Show that if a gambler starts with an stake of 0 (and is allowed to have a negative amount of money), then the probability that her stake reaches the value of \(M\) before it returns to 0 equals \(p(1  q_1)\).

Show that if the gambler starts with a stake of \(M\) then the probability that her stake reaches 0 before it returns to \(M\) equals \(qq_{M1}\).
i[exer 12.2.6] Suppose that a gambler starts with a stake of 0 dollars.

Show that the probability that her stake never reaches \(M\) before returning to 0 equals \(1  p(1  q_1)\).

Show that the probability that her stake reaches the value \(M\) exactly \(k\) times before returning to 0 equals \(p(1q_1)(1  qq_{M1})^{k1}(qq_{M1})\). : Use Exercise [exer 12.2.5].
i[exer 12.2.7] In the text, it was shown that if \(q < p\), there is a positive probability that a gambler, starting with a stake of 0 dollars, will never return to the origin. Thus, we will now assume that \(q \ge p\). Using Exercise [exer 12.2.6], show that if a gambler starts with a stake of 0 dollars, then the expected number of times her stake equals \(M\) before returning to 0 equals \((p/q)^M\), if \(q > p\) and 1, if \(q = p\). (We quote from Feller: “The truly amazing implications of this result appear best in the language of fair games. A perfect coin is tossed until the first equalization of the accumulated numbers of heads and tails. The gambler receives one penny for every time that the accumulated number of heads exceeds the accumulated number of tails by \(m\). ")
i[exer 12.2.8] In the game in Exercise [exer 12.2.7], let \(p = q = 1/2\) and \(M = 10\). What is the probability that the gambler’s stake equals \(M\) at least 20 times before it returns to 0?
i[exer 12.2.9] Write a computer program which simulates the game in Exercise [exer 12.2.7] for the case \(p = q = 1/2\), and \(M = 10\).
i[exer 12.2.10] In de Moivre’s description of the game, we can modify the definition of player A’s fortune in such a way that the game is still a martingale (and the calculations are simpler). We do this by assigning nominal values to the counters in the same way as de Moivre, but each player’s current fortune is defined to be just the value of the counter which is being wagered on the next game. So, if player A has \(a\) counters, then his current fortune is \((q/p)^a\) (we stipulate this to be true even if \(a = 0\)). Show that under this definition, player A’s expected fortune after one play equals his fortune before the play, if \(p \ne q\). Then, as de Moivre does, write an equation which expresses the fact that player A’s expected final fortune equals his initial fortune. Use this equation to find the probability of ruin of player A.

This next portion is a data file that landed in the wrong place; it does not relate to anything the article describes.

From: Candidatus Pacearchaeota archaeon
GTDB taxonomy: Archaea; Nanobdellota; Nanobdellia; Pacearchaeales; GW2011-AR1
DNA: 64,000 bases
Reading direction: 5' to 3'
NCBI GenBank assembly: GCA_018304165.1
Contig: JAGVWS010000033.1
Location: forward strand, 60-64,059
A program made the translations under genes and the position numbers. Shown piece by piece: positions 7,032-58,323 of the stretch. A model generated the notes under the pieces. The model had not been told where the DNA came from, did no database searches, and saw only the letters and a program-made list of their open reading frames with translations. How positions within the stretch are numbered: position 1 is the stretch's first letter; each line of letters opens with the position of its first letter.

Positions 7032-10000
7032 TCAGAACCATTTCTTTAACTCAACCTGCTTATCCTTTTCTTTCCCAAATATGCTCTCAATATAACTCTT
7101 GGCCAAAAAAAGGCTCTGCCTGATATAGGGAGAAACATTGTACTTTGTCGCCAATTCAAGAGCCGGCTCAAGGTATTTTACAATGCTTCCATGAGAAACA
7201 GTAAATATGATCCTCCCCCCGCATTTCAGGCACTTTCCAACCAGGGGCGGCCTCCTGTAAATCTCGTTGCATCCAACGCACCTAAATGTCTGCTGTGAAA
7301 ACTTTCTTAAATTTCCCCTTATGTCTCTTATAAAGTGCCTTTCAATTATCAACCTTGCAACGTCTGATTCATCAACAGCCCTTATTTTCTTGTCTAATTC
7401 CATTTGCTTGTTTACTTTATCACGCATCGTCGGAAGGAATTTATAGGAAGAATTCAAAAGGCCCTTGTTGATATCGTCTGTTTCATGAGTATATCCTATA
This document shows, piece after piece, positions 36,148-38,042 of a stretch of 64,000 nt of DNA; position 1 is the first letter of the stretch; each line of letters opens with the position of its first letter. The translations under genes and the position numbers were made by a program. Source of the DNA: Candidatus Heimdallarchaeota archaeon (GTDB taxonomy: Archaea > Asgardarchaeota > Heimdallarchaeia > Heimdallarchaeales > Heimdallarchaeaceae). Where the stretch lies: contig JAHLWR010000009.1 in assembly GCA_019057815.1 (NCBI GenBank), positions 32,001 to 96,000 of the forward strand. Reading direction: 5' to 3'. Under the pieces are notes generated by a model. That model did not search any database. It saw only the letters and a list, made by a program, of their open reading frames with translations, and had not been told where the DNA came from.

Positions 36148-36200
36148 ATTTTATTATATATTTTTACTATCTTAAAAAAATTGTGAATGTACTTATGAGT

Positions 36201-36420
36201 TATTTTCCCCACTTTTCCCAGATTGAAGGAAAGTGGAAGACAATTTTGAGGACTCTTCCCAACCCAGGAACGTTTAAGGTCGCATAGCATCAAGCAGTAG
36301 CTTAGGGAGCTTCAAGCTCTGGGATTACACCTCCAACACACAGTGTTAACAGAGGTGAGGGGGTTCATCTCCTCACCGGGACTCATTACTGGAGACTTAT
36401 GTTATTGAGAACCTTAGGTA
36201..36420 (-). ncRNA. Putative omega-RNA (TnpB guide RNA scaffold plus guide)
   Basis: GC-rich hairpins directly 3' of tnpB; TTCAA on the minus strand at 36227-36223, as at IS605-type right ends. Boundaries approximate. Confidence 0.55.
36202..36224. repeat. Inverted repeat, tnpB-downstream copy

i[exer 12.2.11] Assume in the gambler’s ruin problem that \(p = q = 1/2\).

Using Equation [eq 12.2.2], together with the facts that \(q_0 = 1\) and \(q_M = 0\), show that for \(0 \le z \le M\), \[q_z = {{M  z}\over M}\ .\]

In Equation [eq 12.2.3], let \(p \rightarrow 1/2\) (and since \(q = 1  p\), \(q \rightarrow 1/2\) as well). Show that in the limit, \[q_z = {{M  z}\over M}\ .\] : Replace \(q\) by \(1p\), and use L’Hopital’s rule.
i[exer 12.2.12] In American casinos, the roulette wheels have the integers between 1 and 36, together with 0 and 00. Half of the nonzero numbers are red, the other half are black, and 0 and 00 are green. A common bet in this game is to bet a dollar on red. If a red number comes up, the bettor gets her dollar back, and also gets another dollar. If a black or green number comes up, she loses her dollar.

Suppose that someone starts with 40 dollars, and continues to bet on red until either her fortune reaches 50 or 0. Find the probability that her fortune reaches 50 dollars.

How much money would she have to start with, in order for her to have a 95% chance of winning 10 dollars before going broke?

A casino owner was once heard to remark that “If we took 0 and 00 off of the roulette wheel, we would still make lots of money, because people would continue to come in and play until they lost all of their money.” Do you think that such a casino would stay in business?